Thursday, February 26, 2009

Awake Dream and Amazon Kindle Killing Comic Books

Awake Dream

I am tired.
Eyelids fall off;
now I'm awake,
lucid in the midst
of dream.
You are there,
but not yourself.
I am there,
but I have no eyelids.
We are in love
with words,
and earthworms.
Shooting targets, large
Russian novels,
and icy lemonade.
We can't wake up.
Because you are yourself
and I am not.
I have no eyelids.

I'm not thrilled with the title - comments are always welcome

On they had an interesting article about the new Amazon Kindle 2 and its effect on the comic book market. Check out the article here.

As an avid comic book reading, anything regarding the comic book market is of interest to me. Vaneta Rogers provides some interesting facts towards the effect that comic books, very soon, will mostly be digital and readers will access them on some sort of device, like the Kindle. Here are my thoughts -

1. Has anyone actually seen someone with a Kindle? I have seen people - famous people, like Neil Gaiman, with them in online videos. But I have never seen someone with a kindle in real life. I do agree that comic book readers on an I-Phone or an I-Pod Touch is not that far off, but on a kindle?

2. Comic books have become a small niche market and most fans I know collect comic books because they like the stories. But those same fans also state the fact that they like having a physical copy of the book - something tangible that they can hold in their hands while they are reading. For many the collecting aspect of the hobby is even more important than the reading/good stories aspect of the hobby. This comes up in floppies (monthlies) versus trade paper back (collected editions) debates all the time. Many comic book fans like buying/collecting the floppies.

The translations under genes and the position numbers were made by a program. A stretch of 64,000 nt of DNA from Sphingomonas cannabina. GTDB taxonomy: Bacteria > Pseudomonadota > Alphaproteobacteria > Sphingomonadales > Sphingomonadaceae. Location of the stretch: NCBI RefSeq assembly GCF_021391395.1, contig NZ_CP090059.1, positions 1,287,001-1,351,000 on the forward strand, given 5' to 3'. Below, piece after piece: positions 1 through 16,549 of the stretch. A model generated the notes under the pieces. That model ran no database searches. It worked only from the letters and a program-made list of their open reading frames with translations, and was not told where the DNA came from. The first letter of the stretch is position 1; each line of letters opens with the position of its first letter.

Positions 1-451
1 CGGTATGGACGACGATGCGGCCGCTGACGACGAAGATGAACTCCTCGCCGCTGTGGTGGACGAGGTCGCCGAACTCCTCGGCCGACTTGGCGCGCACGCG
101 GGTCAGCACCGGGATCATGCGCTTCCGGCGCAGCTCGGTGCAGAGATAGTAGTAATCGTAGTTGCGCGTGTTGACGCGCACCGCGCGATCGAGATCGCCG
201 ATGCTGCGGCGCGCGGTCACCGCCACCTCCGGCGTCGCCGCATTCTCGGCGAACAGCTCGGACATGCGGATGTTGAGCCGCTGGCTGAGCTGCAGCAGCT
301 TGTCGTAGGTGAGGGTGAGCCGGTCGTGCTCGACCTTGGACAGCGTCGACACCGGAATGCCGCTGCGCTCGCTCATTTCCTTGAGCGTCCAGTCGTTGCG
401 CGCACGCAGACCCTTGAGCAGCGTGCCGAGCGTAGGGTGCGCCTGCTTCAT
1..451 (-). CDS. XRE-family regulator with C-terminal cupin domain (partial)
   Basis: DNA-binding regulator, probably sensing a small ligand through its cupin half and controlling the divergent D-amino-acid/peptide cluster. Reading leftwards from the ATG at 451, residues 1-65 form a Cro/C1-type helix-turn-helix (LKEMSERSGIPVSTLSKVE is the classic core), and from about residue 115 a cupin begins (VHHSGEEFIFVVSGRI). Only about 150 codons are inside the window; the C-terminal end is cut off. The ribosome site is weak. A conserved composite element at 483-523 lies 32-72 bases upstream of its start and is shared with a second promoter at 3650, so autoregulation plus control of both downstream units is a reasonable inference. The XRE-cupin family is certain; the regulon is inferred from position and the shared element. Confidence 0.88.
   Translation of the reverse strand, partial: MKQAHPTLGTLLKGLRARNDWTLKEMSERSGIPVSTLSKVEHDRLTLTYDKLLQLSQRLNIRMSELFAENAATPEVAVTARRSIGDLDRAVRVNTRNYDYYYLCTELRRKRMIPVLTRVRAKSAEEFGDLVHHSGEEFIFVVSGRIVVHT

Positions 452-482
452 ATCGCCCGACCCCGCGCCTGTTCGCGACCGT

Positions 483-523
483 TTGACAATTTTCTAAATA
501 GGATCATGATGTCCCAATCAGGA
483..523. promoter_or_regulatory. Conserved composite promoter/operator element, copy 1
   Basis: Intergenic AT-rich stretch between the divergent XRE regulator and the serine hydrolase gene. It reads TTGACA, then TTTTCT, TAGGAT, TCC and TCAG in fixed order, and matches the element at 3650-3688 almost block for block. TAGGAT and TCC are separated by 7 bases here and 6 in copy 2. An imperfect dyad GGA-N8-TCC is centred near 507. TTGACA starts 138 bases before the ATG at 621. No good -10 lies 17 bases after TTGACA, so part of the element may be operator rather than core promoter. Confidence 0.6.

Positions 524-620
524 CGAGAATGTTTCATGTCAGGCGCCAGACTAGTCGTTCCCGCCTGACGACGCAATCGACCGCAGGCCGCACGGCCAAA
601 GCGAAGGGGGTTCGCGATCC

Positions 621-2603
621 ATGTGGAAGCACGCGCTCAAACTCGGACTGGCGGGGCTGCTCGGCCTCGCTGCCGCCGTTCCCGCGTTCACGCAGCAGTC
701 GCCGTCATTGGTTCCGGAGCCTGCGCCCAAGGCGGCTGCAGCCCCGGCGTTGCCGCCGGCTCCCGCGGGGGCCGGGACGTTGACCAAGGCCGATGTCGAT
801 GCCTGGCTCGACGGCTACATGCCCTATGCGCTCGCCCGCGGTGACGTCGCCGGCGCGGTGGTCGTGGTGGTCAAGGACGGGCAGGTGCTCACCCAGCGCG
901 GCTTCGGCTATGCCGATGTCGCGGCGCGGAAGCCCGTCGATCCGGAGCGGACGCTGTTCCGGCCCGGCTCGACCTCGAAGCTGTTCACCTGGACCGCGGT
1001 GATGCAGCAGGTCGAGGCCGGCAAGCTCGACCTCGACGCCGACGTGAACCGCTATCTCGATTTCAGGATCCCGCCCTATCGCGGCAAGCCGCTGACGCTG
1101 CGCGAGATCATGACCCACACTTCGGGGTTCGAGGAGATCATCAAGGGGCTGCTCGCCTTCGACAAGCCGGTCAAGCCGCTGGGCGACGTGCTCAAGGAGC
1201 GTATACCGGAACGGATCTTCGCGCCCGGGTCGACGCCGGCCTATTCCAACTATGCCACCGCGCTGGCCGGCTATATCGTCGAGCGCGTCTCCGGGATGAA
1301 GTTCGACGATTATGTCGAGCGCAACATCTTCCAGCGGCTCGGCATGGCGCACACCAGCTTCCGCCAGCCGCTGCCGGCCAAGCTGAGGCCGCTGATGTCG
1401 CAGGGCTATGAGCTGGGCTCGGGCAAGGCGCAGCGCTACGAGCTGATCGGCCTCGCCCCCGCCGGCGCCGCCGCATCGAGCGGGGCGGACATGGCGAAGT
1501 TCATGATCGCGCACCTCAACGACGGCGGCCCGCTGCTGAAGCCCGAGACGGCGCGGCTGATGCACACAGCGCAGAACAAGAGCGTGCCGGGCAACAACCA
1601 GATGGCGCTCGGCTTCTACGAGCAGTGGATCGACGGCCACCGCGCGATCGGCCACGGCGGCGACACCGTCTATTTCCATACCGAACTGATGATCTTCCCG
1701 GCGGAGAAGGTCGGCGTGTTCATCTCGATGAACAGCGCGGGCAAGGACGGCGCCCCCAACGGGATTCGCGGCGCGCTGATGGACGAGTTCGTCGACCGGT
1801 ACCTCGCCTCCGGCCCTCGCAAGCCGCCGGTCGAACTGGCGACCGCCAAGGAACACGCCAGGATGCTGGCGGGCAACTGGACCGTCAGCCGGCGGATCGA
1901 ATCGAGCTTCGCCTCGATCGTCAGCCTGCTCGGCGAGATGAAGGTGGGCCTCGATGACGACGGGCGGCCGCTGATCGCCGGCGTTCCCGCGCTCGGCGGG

3. The kindle is in black and white. While some comic books are in black and white, and some black and white comics are very good (Echo by Terry Moore; Bone and RASL by Jeff Smith); most comics are in color.

I wouldn't worry too much about the kindle and its ruining the comic book market

Tuesday, February 24, 2009

The Underside of Leaves

Yesterday, my sophomores were in the computer lab working on a debate project and so I haphazardly grabbed a poetry book from my desk - one that I hadn't read yet. I grabbed The Underside of Leaves by Joseph Hutchison (he recently came to Pomona to do a poetry reading and the school library purchased a few of his books - they are right now sitting in my classroom so I can sift through them). I started it in the computer lab and then finished it after I took it home last night. I was completely floored. It was wonderful. Rarely do I ever start a book and then finish it the same day. I could not put it down.